5. Include automatically the main() function — which is very much the same for every test. I took the opportunity to make it parse the command-line to set the verbosity of the output.

Below you’ll find the fruits of those amendments. Or if you prefer, here’s a link for the source repo. It is released under the same LGPL 2.1 license as Check. No warranties : if you choose to use it, and your computer turns into an Antikytherean device,  or your code opens a portal to Baator, I am not liable.

/*
 Name        : checkhelper.h -- Helper header for Check unit test library
 Contributor : Eduardo A. do Valle Jr., 2014-01-27
 License     : LGPL 2.1 --- see http://check.sourceforge.net/COPYING.LESSER
 */

#ifndef CHECK_HELPER_H_
#define CHECK_HELPER_H_

#include <assert.h>
#include <check.h>
#include <stdio.h>
#include <stdlib.h>
#include <string.h>


/* --- Alternative macros for unit testing --- */

#define checkAbort ck_abort

#define checkAssert ck_assert

#define checkAbortInfo ck_abort_msg

#define checkAssertInfo ck_assert_msg

#define checkAssertInt(X, OP, Y) do { \
  intmax_t _ck_x = (X); \
  intmax_t _ck_y = (Y); \
  ck_assert_msg(_ck_x OP _ck_y, "Assertion '%s' failed: '%s'==%jd, '%s'==%jd", #X#OP#Y, #X, _ck_x, #Y, _ck_y); \
} while (0)

#define checkAssertUInt(X, OP, Y) do { \
  uintmax_t _ck_x = (X); \
  uintmax_t _ck_y = (Y); \
  ck_assert_msg(_ck_x OP _ck_y, "Assertion '%s' failed: '%s'==%ju, '%s'==%ju", #X#OP#Y, #X, _ck_x, #Y, _ck_y); \
} while (0)

#define checkAssertXInt(X, OP, Y) do { \
  uintmax_t _ck_x = (X); \
  uintmax_t _ck_y = (Y); \
  ck_assert_msg(_ck_x OP _ck_y, "Assertion '%s' failed: '%s'==%jX, '%s'==%jX", #X#OP#Y, #X, _ck_x, #Y, _ck_y); \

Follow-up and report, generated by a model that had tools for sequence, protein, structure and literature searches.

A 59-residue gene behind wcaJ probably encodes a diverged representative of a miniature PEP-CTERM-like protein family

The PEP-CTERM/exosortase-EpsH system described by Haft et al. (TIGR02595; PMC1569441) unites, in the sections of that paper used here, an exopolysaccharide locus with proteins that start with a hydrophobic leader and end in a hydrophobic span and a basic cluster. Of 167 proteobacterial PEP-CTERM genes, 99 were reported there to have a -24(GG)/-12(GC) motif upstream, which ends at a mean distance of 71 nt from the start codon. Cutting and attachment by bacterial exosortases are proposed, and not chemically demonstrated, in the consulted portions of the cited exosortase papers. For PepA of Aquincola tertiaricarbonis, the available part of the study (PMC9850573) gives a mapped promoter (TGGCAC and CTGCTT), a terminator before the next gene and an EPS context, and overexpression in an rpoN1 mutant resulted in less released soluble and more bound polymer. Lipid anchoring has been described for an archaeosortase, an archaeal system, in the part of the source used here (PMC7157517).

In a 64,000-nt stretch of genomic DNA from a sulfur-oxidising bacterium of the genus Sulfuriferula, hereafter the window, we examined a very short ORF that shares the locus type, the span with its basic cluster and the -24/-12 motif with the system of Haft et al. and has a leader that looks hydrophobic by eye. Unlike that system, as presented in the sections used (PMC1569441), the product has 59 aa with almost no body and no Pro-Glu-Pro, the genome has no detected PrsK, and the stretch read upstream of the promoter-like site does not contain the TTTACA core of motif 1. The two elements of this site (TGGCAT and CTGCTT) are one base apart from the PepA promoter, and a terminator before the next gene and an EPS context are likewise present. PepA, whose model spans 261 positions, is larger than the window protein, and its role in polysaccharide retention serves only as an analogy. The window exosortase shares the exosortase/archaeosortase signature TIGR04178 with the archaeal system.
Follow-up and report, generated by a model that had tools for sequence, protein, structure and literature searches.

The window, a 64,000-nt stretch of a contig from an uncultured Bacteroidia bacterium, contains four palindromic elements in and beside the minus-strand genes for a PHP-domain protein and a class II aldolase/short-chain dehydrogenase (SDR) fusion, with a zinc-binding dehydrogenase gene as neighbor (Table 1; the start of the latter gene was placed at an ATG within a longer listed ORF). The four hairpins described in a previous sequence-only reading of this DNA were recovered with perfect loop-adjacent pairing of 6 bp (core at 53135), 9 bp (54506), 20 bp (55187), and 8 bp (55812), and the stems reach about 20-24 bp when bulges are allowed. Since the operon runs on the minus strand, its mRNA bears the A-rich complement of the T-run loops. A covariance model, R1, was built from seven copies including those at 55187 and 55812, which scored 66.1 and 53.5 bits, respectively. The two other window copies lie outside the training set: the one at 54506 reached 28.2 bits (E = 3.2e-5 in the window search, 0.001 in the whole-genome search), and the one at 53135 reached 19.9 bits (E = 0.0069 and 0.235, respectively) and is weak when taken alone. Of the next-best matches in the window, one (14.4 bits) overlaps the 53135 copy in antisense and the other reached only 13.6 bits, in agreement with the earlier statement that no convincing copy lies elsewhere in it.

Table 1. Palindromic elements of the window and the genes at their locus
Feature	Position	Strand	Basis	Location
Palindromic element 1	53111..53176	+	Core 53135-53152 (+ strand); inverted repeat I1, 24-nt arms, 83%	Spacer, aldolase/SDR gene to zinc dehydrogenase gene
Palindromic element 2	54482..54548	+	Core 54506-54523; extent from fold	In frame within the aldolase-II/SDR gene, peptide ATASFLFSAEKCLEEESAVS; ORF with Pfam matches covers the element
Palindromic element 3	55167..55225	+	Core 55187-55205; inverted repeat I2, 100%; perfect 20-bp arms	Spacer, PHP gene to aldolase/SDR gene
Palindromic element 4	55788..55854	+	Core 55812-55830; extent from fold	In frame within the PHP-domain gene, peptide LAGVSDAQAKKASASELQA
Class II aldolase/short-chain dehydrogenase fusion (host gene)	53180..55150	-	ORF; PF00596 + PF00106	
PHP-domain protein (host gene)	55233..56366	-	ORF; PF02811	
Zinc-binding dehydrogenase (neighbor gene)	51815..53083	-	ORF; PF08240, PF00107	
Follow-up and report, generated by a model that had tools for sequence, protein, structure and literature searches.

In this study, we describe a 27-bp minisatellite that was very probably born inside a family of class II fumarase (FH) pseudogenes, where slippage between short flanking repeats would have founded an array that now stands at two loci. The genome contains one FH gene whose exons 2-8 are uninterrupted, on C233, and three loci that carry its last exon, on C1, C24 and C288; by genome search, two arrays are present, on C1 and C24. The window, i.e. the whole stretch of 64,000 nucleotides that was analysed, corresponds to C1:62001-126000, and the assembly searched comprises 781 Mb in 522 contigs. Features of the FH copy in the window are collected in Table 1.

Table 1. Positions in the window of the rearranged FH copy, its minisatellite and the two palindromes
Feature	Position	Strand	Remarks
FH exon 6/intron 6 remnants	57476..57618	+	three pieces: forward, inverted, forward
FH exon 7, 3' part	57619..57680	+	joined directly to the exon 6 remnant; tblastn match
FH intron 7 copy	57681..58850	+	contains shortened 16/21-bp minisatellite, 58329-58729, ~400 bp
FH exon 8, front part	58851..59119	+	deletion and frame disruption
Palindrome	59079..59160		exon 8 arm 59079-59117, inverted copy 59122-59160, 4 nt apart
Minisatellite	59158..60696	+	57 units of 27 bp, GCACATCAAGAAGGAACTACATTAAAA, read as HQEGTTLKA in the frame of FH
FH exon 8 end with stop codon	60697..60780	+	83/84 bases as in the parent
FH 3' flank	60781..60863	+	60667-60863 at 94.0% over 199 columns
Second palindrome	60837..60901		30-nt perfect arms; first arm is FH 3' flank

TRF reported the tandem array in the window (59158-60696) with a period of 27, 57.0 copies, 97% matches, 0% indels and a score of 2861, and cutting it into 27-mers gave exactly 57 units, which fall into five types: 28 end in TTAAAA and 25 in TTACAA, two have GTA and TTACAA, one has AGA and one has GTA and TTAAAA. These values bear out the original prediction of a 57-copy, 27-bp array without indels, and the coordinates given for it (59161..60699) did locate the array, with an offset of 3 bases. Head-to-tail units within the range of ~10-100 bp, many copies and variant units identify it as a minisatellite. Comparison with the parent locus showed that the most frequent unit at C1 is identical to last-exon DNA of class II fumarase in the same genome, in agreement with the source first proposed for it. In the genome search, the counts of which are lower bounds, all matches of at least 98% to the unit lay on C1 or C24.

} while (0)

#define checkAssertString(X, OP, Y) do { \
  const char* _ck_x = (X); \
  const char* _ck_y = (Y); \
  ck_assert_msg(0 OP strcmp(_ck_y, _ck_x), "Assertion '%s' failed: '%s'==\"%s\", '%s'==\"%s\"", #X#OP#Y, #X, _ck_x, #Y, _ck_y); \
} while (0)

#define checkAssertIntInfo(X, OP, Y, msg, ...) do { \
  intmax_t _ck_x = (X); \
  intmax_t _ck_y = (Y); \
  ck_assert_msg(_ck_x OP _ck_y, "Assertion '%s' failed: '%s'==%jd, '%s'==%jd. "#msg, #X#OP#Y, #X, _ck_x, #Y, _ck_y, ## __VA_ARGS__); \
} while (0)

#define checkAssertUIntInfo(X, OP, Y, msg, ...) do { \
  uintmax_t _ck_x = (X); \
  uintmax_t _ck_y = (Y); \
  ck_assert_msg(_ck_x OP _ck_y, "Assertion '%s' failed: '%s'==%ju, '%s'==%ju. "#msg, #X#OP#Y, #X, _ck_x, #Y, _ck_y, ## __VA_ARGS__); \
} while (0)

#define checkAssertXIntInfo(X, OP, Y, msg, ...) do { \
  uintmax_t _ck_x = (X); \
  uintmax_t _ck_y = (Y); \
  ck_assert_msg(_ck_x OP _ck_y, "Assertion '%s' failed: '%s'==%jX, '%s'==%jX. "#msg, #X#OP#Y, #X, _ck_x, #Y, _ck_y, ## __VA_ARGS__); \
} while (0)

#define checkAssertStringInfo(X, OP, Y, msg, ...) do { \
  const char* _ck_x = (X); \
  const char* _ck_y = (Y); \
  ck_assert_msg(0 OP strcmp(_ck_y, _ck_x), \
    "Assertion '%s' failed: '%s'==\"%s\", '%s'==\"%s\". "#msg, #X#OP#Y, #X, _ck_x, #Y, _ck_y, ## __VA_ARGS__); \
} while (0)


#ifdef __SIZEOF_INT128__

    #define checkAssertXXInt(X, OP, Y) do { \
      unsigned __int128 _ck_x = (unsigned __int128) (X); \
      uintmax_t _ck_x_hi = (_ck_x >> 64); \
      uintmax_t _ck_x_lo = (_ck_x & 0xFFFFFFFFFFFFFFFF); \